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Buy Old Republic for Safety of Principal

- By Jonathan Poland

Old Republic International Corp. (ORI) is an insurance company. The majority of its revenue (50%) and most of its pretax earnings (80%) come from its property and casualty business. While the new accounting rule changes are adversely affecting its short-term results, long-term the company remains a slow growth opportunity.

Warren Buffett (Trades, Portfolio) predicted the new accounting rule would negatively impact Berkshire Hathaway (NYSE:BRK.A)(NYSE:BRK.B), while at the same time has sought to shine a light on the insurer's operating results and book value. The new Financial Accounting Standards Board rule requires companies to book unrealized investment gains and losses in equity securities to be included in income. It's a horrible rule, but that's besides the point. It's going to make certain financial companies' key numbers look inconsistent some years, so non-GAAP numbers will be a key part of reporting.

Buffett's letter included several descriptive predictions for the impact of this rule:

  • It will severely distort Berkshire's net income figures and very often mislead commentators and investors.
  • It will produce some truly wild and capricious swings in the GAAP bottom line.
  • It will swamp the truly important numbers that describe operating performance.
  • For analytical purposes, Berkshire's "bottom-line" will be useless.

As for Old Republic, it posted solid operating results in late January. Fourth-quarter Non-GAAP earnings were 45 per share on revenue of $1.59 billion, up 1.3% year over year. Though two major hurricanes made landfall in the U.S. during the latter half of 2018 (Florence and Michael), the storms didn't hurt Old Republic's results. Earnings per share was down slightly from the prior period, but still put the company on track to earn north of $2 per share this year and pay out 3.82% in dividends.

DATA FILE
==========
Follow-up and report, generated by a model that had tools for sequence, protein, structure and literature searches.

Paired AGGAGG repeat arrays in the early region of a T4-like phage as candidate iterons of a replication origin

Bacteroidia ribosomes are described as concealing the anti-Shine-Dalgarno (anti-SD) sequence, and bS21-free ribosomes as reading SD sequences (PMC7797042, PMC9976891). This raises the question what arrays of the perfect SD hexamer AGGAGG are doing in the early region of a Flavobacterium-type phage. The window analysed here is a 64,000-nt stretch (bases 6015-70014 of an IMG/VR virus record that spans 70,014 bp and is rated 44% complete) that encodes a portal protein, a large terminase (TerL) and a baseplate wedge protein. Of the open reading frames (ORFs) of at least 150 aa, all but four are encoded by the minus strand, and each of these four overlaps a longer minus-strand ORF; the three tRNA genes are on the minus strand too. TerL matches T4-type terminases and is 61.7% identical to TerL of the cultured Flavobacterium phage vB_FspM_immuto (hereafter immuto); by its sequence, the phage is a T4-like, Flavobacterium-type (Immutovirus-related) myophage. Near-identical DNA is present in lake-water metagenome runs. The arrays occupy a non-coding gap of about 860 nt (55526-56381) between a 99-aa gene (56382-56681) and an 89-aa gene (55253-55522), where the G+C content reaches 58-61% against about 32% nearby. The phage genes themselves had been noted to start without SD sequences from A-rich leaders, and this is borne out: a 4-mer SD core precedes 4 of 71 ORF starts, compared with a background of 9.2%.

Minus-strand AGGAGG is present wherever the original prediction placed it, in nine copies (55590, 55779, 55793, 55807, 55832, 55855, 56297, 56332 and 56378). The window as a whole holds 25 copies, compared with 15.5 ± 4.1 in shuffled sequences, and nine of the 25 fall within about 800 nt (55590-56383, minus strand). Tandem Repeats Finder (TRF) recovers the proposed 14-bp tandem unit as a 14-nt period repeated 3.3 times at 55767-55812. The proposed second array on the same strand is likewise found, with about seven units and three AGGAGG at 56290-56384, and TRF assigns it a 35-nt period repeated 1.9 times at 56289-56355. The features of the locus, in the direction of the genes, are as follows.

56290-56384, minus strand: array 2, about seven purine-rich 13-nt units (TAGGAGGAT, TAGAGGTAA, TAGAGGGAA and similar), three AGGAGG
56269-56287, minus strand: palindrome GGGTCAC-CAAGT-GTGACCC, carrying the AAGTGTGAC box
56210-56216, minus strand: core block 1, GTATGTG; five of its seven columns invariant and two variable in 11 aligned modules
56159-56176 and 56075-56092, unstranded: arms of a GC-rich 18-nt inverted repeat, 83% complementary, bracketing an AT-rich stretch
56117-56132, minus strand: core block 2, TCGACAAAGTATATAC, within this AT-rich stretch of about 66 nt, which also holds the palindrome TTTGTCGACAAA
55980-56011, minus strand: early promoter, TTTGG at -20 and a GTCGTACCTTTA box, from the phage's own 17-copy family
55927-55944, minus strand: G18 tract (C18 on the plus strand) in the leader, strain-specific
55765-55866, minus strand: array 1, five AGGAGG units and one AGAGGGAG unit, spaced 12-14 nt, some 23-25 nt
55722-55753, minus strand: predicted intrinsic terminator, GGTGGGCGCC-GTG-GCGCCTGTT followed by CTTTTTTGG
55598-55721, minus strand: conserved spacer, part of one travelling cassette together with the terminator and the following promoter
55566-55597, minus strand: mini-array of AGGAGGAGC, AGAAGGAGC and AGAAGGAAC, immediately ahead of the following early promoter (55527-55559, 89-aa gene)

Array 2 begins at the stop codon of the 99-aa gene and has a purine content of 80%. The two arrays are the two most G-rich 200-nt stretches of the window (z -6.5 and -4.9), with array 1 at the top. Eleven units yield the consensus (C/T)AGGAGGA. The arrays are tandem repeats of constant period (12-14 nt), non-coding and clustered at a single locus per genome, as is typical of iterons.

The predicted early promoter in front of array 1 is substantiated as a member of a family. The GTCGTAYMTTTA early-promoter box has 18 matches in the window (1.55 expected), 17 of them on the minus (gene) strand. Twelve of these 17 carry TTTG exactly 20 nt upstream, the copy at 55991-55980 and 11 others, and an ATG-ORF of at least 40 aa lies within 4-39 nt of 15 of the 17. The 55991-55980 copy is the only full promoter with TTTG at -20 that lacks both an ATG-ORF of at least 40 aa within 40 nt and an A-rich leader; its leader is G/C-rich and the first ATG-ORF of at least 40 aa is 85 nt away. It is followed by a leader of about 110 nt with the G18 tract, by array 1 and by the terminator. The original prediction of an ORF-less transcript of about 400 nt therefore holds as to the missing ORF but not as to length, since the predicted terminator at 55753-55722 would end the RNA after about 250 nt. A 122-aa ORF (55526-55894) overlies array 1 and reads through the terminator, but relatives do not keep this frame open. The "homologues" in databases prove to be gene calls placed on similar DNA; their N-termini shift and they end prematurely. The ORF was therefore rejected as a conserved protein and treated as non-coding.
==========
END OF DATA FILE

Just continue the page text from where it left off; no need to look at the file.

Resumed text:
With the unrealized loss on the change in fair value of equity securities in the fourth quarter, Old Republic recorded a net loss of $106.5 million. Excluding the unrealized loss ($311.6 million), the company had $205.1 million in net income. This should not be a hard one for investors to wrap their heads around. Unrealized losses are just that, on paper with no money coming off the books. Take that figure out and you get the true performance.

In the last decade, Old Republic has steadily grown its top line from $3.2 billion to $6.4 billion, while its bottom line numbers have been less consistent, producing losses in three of the 10 years since 2009. However, it looks as though the company (at least over the past five years) is putting its ducks in a row to produce solid long-term gains.

Insurers across the board are dealing with the new accounting rule, so there may be choppy waters throughout 2019, giving smart investors plenty of buying opportunities. Old Republic's main business, property and casualty, does have fundamental challenges thanks to climate change, but while the weather patterns will fluctuate more than the stock markets, its market value should continue to rise.

Disclosure: I am not long or short any stocks mentioned in this article.

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This article first appeared on GuruFocus.